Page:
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Endocrinology. 2004 May;145(5):2478-86. Epub 2004 Jan 28.

Insulin-like growth factor-I augments chondrocyte hypertrophy and reverses glucocorticoid-mediated growth retardation in fetal mice metatarsal cultures.

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Bone Biology Group, Roslin Institute, Edinburgh EH25 9PS, United Kingdom.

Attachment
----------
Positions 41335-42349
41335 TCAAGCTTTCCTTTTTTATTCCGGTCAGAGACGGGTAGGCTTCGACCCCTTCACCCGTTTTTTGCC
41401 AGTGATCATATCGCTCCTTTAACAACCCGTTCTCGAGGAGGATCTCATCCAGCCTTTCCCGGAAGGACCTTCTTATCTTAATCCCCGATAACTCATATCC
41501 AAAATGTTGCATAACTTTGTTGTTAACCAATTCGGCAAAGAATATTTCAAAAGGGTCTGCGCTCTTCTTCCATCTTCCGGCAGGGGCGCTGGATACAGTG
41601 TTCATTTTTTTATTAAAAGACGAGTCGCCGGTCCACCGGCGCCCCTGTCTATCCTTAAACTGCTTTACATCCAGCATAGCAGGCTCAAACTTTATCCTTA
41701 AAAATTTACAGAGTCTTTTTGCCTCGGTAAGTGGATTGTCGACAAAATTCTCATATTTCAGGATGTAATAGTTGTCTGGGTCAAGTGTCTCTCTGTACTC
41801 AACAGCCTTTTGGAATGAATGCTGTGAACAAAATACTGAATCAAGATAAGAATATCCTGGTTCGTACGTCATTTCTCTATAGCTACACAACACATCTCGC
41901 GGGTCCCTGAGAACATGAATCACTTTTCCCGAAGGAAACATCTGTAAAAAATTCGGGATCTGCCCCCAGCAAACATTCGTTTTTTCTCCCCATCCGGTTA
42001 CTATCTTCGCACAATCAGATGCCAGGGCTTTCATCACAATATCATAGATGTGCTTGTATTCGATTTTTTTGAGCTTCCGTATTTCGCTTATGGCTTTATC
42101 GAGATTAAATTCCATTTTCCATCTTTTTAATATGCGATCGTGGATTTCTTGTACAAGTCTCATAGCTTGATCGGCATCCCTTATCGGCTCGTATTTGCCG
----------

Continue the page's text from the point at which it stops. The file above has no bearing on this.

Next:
The study aims were to improve our understanding of the mechanisms of glucocorticoid-induced growth retardation at the growth plate and determine whether IGF-I could ameliorate the effects. Fetal mouse metatarsals were cultured for up to 10 d with dexamethasone (Dex; 10(-6) m) and/or IGF-I and GH (both at 100 ng/ml). Both continuous and alternate-day Dex treatment inhibited bone growth to a similar degree, whereas IGF-I alone or together with Dex caused an increase in bone growth. GH had no effects. These observations may be explained at the cellular level; cell proliferation within the growing bone was decreased by Dex and increased by IGF-I and these effects were more marked in the cells of the perichondrium than those in the growth plate. However, the most prominent observation was noted in the hypertrophic zone where all treatments containing IGF-I significantly increased (3-fold) the length of this zone, whereas Dex alone had no significant effect. In conclusion, Dex impaired longitudinal growth by inhibiting chondrocyte proliferation, whereas IGF-I stimulated chondrocyte hypertrophy and reversed the growth-inhibitory Dex effects. However, the IGF-I-mediated improvement in growth was at the expense of altering the balance between proliferating and hypertrophic chondrocytes within the metatarsal.

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